These Are Churning Times — And Not Just Stomach-Churning Ones

Whenever the economy takes a hit, churn rates rise as companies seek ways of paring costs. It’s almost identical to what happens with mobile phone services, as subscribers seek out ever-better deals.

The answer to churn, of course, is stickiness – and stickiness is built through customer service. Actually, it’s a little more than that: stickiness, or customer loyalty is built by serving your customers in ways that delight them.

So, how much time do you spend thinking of ways to delight your customers? I’m guessing it’s not as much as you should be spending, because experience tells me most marketing efforts go into acquiring new customers. And that means, to some extent, you’re taking your existing customers for granted.

I’m sure you’ve seen this factoid at least once: Two-thirds of your customers who leave you leave because they perceive you are indifferent to them. So how do you change that perception? You change it by communicating regularly with your customers in a one-to-one way that does not appear to be obviously self-serving.

First, make sure you know your customers’ first names. Then, every once in a while – once or twice a month – send them a friendly message, for example if you are ABC company:

Hi Jack,

I thought you might be interested to know that XYZ Corp. has developed a new tool that makes it easier for you to [do whatever].

ABC has made a special arrangement with XYZ to let you try it, free, for 90 days – that’s three times longer than their usual free trial period.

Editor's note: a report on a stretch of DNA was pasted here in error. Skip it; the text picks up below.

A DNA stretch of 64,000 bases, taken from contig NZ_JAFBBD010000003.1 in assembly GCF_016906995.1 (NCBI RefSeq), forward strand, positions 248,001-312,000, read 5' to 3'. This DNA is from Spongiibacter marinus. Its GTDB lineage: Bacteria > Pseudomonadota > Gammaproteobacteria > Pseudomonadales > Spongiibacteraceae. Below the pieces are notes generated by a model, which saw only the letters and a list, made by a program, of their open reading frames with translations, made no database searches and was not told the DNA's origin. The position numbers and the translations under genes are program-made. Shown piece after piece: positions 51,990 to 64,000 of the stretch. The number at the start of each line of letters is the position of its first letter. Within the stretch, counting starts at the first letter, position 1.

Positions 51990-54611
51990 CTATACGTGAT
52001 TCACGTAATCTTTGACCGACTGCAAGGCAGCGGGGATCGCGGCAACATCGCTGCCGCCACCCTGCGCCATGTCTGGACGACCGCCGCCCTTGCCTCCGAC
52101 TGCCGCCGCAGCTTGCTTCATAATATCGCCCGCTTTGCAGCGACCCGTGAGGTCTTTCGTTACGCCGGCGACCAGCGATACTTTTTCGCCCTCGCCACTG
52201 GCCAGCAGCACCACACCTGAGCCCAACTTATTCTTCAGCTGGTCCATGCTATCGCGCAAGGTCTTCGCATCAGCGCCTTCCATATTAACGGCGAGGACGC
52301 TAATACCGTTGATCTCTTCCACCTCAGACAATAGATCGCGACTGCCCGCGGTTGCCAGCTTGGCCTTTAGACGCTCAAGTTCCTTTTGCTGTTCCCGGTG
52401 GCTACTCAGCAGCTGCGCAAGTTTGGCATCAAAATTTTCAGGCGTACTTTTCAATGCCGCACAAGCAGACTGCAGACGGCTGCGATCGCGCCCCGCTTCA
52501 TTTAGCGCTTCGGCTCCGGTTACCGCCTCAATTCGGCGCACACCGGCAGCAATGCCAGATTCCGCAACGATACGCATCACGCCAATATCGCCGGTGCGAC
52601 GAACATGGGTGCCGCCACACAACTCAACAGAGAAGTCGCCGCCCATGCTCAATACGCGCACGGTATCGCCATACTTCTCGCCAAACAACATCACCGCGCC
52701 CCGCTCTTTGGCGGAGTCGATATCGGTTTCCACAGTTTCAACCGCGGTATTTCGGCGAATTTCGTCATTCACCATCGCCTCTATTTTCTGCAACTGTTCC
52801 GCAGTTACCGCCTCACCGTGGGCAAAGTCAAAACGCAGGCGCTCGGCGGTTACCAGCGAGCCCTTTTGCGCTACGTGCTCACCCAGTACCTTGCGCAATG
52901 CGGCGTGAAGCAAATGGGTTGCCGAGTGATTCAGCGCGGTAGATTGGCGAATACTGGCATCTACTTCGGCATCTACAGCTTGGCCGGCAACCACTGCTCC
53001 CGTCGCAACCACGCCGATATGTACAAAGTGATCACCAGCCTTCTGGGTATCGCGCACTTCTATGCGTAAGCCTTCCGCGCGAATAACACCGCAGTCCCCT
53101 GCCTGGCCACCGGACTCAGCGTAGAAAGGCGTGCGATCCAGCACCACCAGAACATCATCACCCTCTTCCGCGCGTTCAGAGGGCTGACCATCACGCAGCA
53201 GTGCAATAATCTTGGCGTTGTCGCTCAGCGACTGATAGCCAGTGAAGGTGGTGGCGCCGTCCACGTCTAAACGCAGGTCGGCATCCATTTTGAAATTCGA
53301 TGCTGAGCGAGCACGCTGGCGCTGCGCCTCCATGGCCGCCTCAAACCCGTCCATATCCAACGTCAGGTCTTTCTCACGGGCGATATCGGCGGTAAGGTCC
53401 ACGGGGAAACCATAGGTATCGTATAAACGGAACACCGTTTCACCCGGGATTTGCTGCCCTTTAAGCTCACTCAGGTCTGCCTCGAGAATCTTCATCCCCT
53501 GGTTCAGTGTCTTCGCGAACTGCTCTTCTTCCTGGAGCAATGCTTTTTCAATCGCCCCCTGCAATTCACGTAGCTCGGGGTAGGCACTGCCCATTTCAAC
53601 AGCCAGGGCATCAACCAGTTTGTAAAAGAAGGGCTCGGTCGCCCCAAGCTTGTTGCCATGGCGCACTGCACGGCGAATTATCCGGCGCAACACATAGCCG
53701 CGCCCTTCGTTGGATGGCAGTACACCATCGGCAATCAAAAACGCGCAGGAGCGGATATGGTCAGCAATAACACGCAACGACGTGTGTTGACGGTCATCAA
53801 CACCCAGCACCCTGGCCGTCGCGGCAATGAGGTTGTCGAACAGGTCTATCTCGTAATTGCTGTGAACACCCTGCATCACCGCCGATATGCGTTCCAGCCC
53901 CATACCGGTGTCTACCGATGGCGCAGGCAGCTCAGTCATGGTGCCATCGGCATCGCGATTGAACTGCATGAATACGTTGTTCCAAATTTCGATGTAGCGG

We’ve tested XYZ’s Poobah Optimizer extensively and can tell you it’s easy to use, and it works.

You can find it here: [LINK]

Thanks for being a customer

Mike Jones


You can tell them about new tools, as above, or you can offer tips and advice related to hosting. You can send them interesting, relevant news items or links. Just think a little about what you would find interesting, fascinating, delightful.

Also, every once in a while – say three or four times a year – send your customers something in the mail. Because electronic communications are so prevalent, mail is now a good way to stand out. What you mail is up to you. If you know their birthdays (and have permission to use that information), send them a birthday card. In any event, send them cards or notes with some kind of gift – it can be something related to hosting, or something as simple as a free coffee at Starbucks, or a gift coupon for a Baskin-Robbins ice cream cone. Other things you may consider include invitations to free seminars in their area, free magazine or newsletter subscriptions, discounts for your services, or whatever else you can think of that isn’t too cute, confidential or controversial.

I’ll bet if you sat down over coffee with a notebook and a pen you could come up with at least 50 ideas for communicating with your customers. If you can’t come up with that many, challenge your staff for suggestions.

Whatever you send, don’t forget the magic words: “Thanks for being a customer.”

bio hartland 1
About the Author:

Hartland Ross is the Founder and President of eBridge Marketing Solutions. He has over 20 years experience in marketing and business development, focusing for the last 15 years on the technology sector. Prior to starting up eBridge, Hartland operated a successful franchise, worked with two different online advertising startups, and was the VP of Sales and Marketing for a national development and training company.

Posted March 24, 2009
Categories: eBridge Marketing Solutions' Blog, Advertising and Marketing General
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